Recall that I stated there are no sharps # or flats (b) in the key of C. I also said if you were sitting at the piano, all the white keys make up the key of C. The black keys are the sharps and flats that make up other Major keys. Now I would like to explain the sharp and flat notes and where they're located. The sharp has its own symbol and that symbol is (#). The flat also has its own symbol and it is (). Take a look at the image below and notice the notes along the Low E string. Of course the first note will be the open Low E string which is the thickest string. Moving along the string, the next note is the F note on the first fret. Look below and find the F note. One half step or 1 fret from the F note will be the F# at the second fret. So you have now learned that one half step is 1 fret away from the next note and 1 whole step is two frets away. Fore example, the F note is one whole step away from the G note. The F note is one half step away from the F#. Sharps are determined by the arrow. Moving in the way of the arrow you would be ascending and you would have sharps as illustrated.
One half step from the F# is the G note at the 3rd fret. Look above and notice that G note. The next note is the G#, A, A#, B, C, C#, D, D#,and E. After the E note at the 12th fret the notes repeat. Remember me telling you in the earlier lessons that all notes repeat after 12 frets? Look at the image below and notice the notes are now flats. Moving in the way of this arrow is descending and you would have flats. Look at the image below.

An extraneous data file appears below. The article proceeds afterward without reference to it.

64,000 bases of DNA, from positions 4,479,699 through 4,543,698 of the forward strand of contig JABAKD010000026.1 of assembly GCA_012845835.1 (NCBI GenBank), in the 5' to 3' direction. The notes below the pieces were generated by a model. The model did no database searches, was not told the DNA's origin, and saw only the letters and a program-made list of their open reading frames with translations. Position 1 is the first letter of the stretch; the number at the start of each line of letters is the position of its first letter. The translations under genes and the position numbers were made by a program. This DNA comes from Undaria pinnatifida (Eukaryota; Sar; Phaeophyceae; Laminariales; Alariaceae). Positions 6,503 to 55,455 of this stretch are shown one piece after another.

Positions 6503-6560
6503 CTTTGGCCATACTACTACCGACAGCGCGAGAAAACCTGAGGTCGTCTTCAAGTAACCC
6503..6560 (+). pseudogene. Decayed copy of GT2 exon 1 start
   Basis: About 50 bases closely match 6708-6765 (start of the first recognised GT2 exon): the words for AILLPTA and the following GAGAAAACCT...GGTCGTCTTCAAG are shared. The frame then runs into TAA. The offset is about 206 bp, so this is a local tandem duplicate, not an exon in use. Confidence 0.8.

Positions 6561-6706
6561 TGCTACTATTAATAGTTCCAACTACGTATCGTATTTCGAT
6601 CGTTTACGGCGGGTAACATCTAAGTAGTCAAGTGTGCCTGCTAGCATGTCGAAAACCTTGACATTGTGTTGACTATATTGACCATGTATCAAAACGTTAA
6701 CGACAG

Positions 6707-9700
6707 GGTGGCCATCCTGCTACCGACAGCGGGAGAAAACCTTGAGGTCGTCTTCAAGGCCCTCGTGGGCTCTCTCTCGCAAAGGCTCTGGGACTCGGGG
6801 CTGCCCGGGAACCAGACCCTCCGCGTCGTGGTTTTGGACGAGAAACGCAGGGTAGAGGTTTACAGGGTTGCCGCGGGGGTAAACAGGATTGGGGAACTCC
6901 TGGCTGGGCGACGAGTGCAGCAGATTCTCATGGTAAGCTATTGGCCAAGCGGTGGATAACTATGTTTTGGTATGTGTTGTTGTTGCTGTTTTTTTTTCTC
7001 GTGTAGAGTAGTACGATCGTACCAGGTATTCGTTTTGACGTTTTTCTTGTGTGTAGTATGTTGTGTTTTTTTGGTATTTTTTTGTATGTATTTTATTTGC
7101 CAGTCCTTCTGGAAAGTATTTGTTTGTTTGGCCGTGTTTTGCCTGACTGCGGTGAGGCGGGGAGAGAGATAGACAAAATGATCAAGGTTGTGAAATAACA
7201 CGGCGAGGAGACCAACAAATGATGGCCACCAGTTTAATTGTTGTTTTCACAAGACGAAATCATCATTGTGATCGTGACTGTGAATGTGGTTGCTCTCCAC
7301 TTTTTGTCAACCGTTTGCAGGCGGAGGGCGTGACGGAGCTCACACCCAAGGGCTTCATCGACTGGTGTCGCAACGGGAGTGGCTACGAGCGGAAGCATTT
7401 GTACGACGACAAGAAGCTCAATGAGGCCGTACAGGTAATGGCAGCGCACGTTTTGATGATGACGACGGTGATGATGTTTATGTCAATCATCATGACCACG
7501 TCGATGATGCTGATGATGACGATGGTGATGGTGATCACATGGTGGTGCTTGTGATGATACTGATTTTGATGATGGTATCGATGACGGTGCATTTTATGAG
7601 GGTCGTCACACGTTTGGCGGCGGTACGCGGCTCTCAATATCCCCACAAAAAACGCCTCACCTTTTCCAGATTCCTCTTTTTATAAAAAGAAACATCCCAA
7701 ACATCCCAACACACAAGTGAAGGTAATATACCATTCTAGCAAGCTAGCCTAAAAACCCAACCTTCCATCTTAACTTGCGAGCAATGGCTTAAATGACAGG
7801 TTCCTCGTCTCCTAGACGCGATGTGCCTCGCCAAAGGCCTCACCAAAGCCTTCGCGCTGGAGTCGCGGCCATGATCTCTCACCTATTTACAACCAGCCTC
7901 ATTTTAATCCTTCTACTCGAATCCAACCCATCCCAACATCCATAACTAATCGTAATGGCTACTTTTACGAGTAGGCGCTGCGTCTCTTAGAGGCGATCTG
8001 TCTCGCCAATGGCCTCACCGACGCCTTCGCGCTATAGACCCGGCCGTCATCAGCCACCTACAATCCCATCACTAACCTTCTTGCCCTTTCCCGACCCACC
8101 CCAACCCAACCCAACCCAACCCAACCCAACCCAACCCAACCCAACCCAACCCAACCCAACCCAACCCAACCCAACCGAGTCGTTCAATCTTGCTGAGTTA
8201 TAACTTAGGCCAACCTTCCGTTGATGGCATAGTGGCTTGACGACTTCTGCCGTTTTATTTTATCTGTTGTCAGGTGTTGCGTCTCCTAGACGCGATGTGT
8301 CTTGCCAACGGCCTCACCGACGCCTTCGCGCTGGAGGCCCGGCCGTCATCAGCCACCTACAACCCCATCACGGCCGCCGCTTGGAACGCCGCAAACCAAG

Look at the image above and notice the flats are illustrated. See which way the arrow is pointing. This determines that you will have flats. Please don't let this confuse you. Look at the G flat or second fret above. That G flat is the same note as the F#. Look at the upper image at the second fret and notice the F#. The A flat is the same note as the G#. They're either sharps ascending of flats descending. No big deal. The most important thing to know is, each note is one half step away from each other, or 1 fret. And one whole step is two frets apart. Look Below.
Look at the notes on the Low E string. The G note on the 3rd fret is one whole step away from the F and the A note. The B note is one whole step away from the A note, but one half step away from the C note. The F note is one half step away from the E note, but one whole step away from the G note.
This information is very important and should be studied. You would use this information to build up your major scales. Once you learn this, figuring out major keys and playing lead guitar will make things easier. You may want to make a copy of these illustrations to complete your first assignment.
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